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Photo of red ants (Myrmica rubra) adult workers drinking from a water droplet.

Common red ants—shown here drinking from a water droplet—are native to Europe and Asia.

Photograph by Richard Becker, Alamy

Katie Langin

National Geographic

Published July 8, 2014

Housekeeping can be a matter of life and death—at least for social animals like ants, a new paper suggests.

According to a study published Tuesday in the journal Biology Letters, common red ants (Myrmica rubra) that were prevented from removing their nestmates' corpses died more frequently than those allowed to bring out their dead.

The tiny ants—each roughly the size of a medium-grain rice kernel—live under rocks and logs in densely packed colonies. More than a thousand worker ants can be found in a single nest.

These insects reap many benefits from group living, as they work together to gather food, care for their queen, and defend their nest.

But the situation also puts them at risk of being hit by disease epidemics: If one individual in the colony comes down with an illness, the blight can spread rapidly. This places a premium on good hygiene.

Dead Are Deadly

Many insects habitually remove dead nestmates from their colony. Scientists have long assumed that this behavior is based on a need to keep the rest of the colony healthy. But until now that idea hadn't been put to a formal test.

The new study, conducted by researchers at the Université Libre de Bruxelles and the Université de Liège in Belgium, tested the health benefits of corpse removal in common red ant colonies kept in artificial nests.

Some of the nests had wide exits. Others had narrow openings that made it difficult for the ants to transport and deposit corpses outside.

In each colony, the scientists fatally froze ten worker ants, placed their corpses back in the nest, and monitored the survival of the remaining workers.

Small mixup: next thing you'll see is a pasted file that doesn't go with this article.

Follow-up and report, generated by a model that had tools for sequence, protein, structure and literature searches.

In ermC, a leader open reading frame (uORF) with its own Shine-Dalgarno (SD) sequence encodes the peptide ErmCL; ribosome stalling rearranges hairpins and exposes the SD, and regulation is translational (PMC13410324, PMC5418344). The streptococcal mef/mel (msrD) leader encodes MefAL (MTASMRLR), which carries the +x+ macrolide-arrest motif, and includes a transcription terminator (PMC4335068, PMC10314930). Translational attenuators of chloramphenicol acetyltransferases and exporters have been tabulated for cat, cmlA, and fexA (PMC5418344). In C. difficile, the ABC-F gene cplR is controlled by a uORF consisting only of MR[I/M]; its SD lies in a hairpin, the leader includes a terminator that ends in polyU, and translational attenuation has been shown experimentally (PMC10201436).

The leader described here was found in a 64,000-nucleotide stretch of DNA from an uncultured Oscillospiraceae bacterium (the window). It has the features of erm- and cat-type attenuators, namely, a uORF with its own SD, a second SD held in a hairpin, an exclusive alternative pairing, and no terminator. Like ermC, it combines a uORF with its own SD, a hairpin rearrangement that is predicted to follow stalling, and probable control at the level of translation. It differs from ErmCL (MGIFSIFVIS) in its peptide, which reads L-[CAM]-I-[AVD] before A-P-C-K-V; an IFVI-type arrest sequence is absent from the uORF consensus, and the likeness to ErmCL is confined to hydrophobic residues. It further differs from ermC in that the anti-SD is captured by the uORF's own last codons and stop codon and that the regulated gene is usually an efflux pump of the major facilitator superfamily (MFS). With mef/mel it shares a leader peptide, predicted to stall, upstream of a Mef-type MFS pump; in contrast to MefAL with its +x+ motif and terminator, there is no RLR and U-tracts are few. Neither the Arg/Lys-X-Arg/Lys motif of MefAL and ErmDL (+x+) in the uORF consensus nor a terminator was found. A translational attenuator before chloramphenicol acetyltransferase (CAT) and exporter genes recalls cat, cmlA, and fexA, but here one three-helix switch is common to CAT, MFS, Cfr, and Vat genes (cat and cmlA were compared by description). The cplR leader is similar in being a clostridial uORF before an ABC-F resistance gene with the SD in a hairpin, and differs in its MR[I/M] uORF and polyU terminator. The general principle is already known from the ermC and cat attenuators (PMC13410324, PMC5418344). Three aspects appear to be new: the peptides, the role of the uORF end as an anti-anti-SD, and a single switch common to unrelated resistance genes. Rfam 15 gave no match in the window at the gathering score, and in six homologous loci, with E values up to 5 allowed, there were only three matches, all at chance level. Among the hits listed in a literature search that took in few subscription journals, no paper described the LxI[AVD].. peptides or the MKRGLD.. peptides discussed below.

The result: The ants in colonies that couldn't remove corpses didn't fare as well. By the end of the 50-day experiment, mortality had more than doubled in the corpse-littered colonies, from 6 percent to 13 percent.

Why the higher death rate? The researchers can't say for sure, but they speculate that "corpses artificially staying longer in the nest may have increased the occurrence of microorganisms, requiring a greater investment in the immune system for live ants and possibly resulting in a reduced lifespan."

The Benefits of Good Housekeeping

The study "shows a fundamental effect that … everybody thought we knew but nobody [had] really tested," wrote Olav Rueppell—an expert on social insects at the University of North Carolina at Greensboro who was not involved in the study—in an email to National Geographic.

The implications of corpse removal for group health may also apply to other social animals like honeybees and prairie dogs.

But for the common red ant, at least, the situation is clear: Dead ants beget more dead ants, so it's best to keep the nest nice and tidy.

Follow Katie Langin on Twitter.

Dwayne LaGrou
Dwayne LaGrou

I would like to see the little funeral procession with a tiny hearse. I wounded if have to put little bitty flags on their vehicles!!!

Ha Ha Ha!!,

Peter Staples
Peter Staples

In Australia, our red ants take their dead back to the nest.

Mario Gomez Sturmann
Mario Gomez Sturmann

Leaving sarcasm behind. I must say this is rather a dull paper. Everyone in the field of entomology, knows this fact. I've known this since i was 16 years old. Not particulary ground breaking. 

Never the less, keep on working, maybe this leads to a bigger knowledge.

Christopher Hancy
Christopher Hancy

Phone the press!  ground-breaking research from a Belgium university playing with ant farm! "Dead ants =more dead ants" Thanks guys for your tremendous contribution to global science!

Mathias Destrebecq
Mathias Destrebecq

Belgium strikes again! No one ever noticed that our universities appear quite often in the media because of their discoveries?

Brian Edwards
Brian Edwards

" mortality had more than doubled in the corpse-littered colonies, from 6 percent to 13 percent." Pity the poor scientist who has to scrutinize all those tiny little census forms :P Seriously though I have communal spiders about my home and they actively festoon their webs with corpses. Also assassin bugs wear their victims' corpses on their backs as camo. Do they trade off something for a stronger immune response?

Henry Major
Henry Major

Animals have carcasses. Only humans have corpses.


I have observed this corpse dumping often around our home when I have applied insecticides.  

J. Griffin
J. Griffin

They should do this with humans next and see if it has the same effect.

Notasdumb Astheyare
Notasdumb Astheyare

No, what we know is their interpretation of what they observed.  Nothing more.

Mayeso Gwedela
Mayeso Gwedela

Well, now we know it`s a fact...... love science!!!!


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